For they are thy warmest friends and preceptors!”– –“One excepted, whom I hold still dearer,” answered the voluntary beggar. “Thou thyself art good, O Zarathustra, and better even than a cow!” “Away, away with thee! thou evil flatterer!” cried Zarathustra mischievously, “why dost thou spoil me with such praise and flattery-honey?
“Away, away from me!” cried he once more, and heaved his stick at the fond beggar, who, however, ran nimbly away.
Nietzsche’s writings have been taken out of context through subjection to rigorous logical analysis. And that’s to be expected considering his contradictory nature. Though there are gaps here and there, I have no difficulty at all understanding this particular book. Nietzsche chiefly wrote this book in symbolic language like all religious texts. The things he speaks of should never be taken literal. For instance when he speaks of kine and eagles and serpents, he was speaking of humans with the dullness of mind of such bovine animals as oxen. And speaking of eagles and serpents, one knows how agile and cunning these creatures are in contrast to oxen.
In this chapter (The Voluntary Beggar) , clearly, Nietzsche was parodying “the sermon on the mount” in the Bible, (Except we be converted and become as kine, we shall in no wise enter into the kingdom of heaven. For we ought to learn from them one thing: ruminating. And verily, although a man should gain the whole world, and yet not learn one thing, ruminating, what would it profit him!)
He substituted the sheep for the kine – which nonetheless meant the same thing – people lacking shrewdness or mental quickness and who avoid heavy thoughts that trouble the heart. Nietzsche has been known to parody the Bible on several occasions. In his days, it was made clear to him by the Protestant Church that he will never be offered employment because of his attitude to Christianity. That may have aggravated his life condition.
When Nietzsche spoke of “the voluntary beggar,” he was referring, I’m afraid, to the Christian Messiah. In the Bible it was written that when Jesus was thirty he went out to the world and was tempted by the devil thrice. The devil did offer him all the kingdoms and the riches of the world if only he will avow his allegiance to him (the devil) where upon he rejected the offer and the devil departed from him (Art thou not the voluntary beggar who once cast away great riches,–Who was ashamed of his riches and of the rich, and fled to the poorest to bestow upon them his abundance and his heart? But they received him not?)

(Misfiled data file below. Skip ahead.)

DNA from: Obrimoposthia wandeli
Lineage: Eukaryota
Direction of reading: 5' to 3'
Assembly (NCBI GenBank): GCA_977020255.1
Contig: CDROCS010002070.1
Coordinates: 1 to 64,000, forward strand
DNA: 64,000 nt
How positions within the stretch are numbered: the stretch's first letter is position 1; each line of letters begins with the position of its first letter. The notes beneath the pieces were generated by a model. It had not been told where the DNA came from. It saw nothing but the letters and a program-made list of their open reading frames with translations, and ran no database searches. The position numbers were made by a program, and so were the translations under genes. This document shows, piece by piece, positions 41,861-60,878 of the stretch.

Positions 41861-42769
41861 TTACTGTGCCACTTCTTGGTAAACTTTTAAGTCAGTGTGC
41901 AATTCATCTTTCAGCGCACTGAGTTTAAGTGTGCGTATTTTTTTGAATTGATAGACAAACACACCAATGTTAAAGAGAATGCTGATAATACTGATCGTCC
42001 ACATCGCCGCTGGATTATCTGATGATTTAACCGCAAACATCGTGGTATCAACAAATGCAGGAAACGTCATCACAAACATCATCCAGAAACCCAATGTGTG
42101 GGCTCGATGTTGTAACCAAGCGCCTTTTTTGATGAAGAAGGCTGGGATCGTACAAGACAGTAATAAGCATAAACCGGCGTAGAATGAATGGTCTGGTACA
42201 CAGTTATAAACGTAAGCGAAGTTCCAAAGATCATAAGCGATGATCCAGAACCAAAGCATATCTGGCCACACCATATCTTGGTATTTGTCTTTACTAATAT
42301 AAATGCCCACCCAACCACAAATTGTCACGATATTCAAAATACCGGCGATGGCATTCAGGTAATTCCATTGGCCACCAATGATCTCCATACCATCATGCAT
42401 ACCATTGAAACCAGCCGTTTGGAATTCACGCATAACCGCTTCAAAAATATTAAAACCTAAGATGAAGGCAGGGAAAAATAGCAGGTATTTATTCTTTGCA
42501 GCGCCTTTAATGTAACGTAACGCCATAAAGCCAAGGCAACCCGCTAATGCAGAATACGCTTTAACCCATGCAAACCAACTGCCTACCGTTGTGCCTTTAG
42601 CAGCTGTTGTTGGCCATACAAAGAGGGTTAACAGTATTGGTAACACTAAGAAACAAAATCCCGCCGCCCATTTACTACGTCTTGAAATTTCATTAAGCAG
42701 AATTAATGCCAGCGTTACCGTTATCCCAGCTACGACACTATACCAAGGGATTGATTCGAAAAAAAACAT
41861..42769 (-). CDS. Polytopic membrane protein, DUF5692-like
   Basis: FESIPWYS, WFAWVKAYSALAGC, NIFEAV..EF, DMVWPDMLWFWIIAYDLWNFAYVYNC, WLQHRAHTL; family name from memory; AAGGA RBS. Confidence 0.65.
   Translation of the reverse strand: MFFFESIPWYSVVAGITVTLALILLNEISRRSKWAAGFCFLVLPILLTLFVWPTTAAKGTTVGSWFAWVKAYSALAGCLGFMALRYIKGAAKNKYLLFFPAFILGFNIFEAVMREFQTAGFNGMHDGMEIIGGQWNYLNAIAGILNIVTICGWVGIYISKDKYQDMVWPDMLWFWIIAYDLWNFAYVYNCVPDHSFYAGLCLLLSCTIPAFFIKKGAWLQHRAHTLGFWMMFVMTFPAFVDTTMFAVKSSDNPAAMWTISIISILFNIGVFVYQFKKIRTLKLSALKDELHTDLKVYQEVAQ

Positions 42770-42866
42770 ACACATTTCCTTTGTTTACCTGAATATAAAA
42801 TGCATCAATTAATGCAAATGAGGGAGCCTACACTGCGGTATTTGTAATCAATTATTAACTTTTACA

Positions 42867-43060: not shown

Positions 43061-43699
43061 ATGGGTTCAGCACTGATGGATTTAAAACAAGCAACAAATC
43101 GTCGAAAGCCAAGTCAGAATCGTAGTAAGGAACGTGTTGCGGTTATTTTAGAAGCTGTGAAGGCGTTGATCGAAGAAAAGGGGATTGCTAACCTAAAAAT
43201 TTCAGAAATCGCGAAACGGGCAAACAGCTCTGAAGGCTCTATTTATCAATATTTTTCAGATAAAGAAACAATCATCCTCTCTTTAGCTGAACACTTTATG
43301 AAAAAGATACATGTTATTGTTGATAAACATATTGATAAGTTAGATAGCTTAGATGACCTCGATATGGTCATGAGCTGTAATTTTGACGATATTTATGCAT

Afterwards Satan never tempted him again but he became a pauper and lived amongst the poor (his disciples) which was more or less, as implied in this passage, a punishment for sticking to the truth. (Thou doest violence to thyself, thou Preacher-on-the-Mount, when thou usest such severe words. For such severity neither thy mouth nor thine eye have been given thee. Nor, methinketh, hath thy stomach either: unto IT all such rage and hatred and foaming-over is repugnant. Thy stomach wanteth softer things: thou art not a butcher.)
Although it was not written anywhere in the Bible that he made a living by begging for alms, Christ once lamented: “Foxes have lairs and birds have nests, but the Son of Man has no place to lay his head.” Thus according to Nietzsche, Christ became a begger by choice. It was a very heathenic thing to say or even think but if you are familiar with Nietzsche’s writings then you shouldn’t be surprised.
He also introduces Zarathustra, an imaginary Persian prophet to the kine at the same time the Christian Messiah was preaching on the mount. Thus an argument ensues between the two prophets while the kine looks on confused as to who is a true prophet. Although this chapter is quite lengthy, it repeatedly expresses the same theme of guardianship. In a broader sense, it also figuratively captures the struggle between eastern and western religions, for the hearts of men – each prophet representing each religion.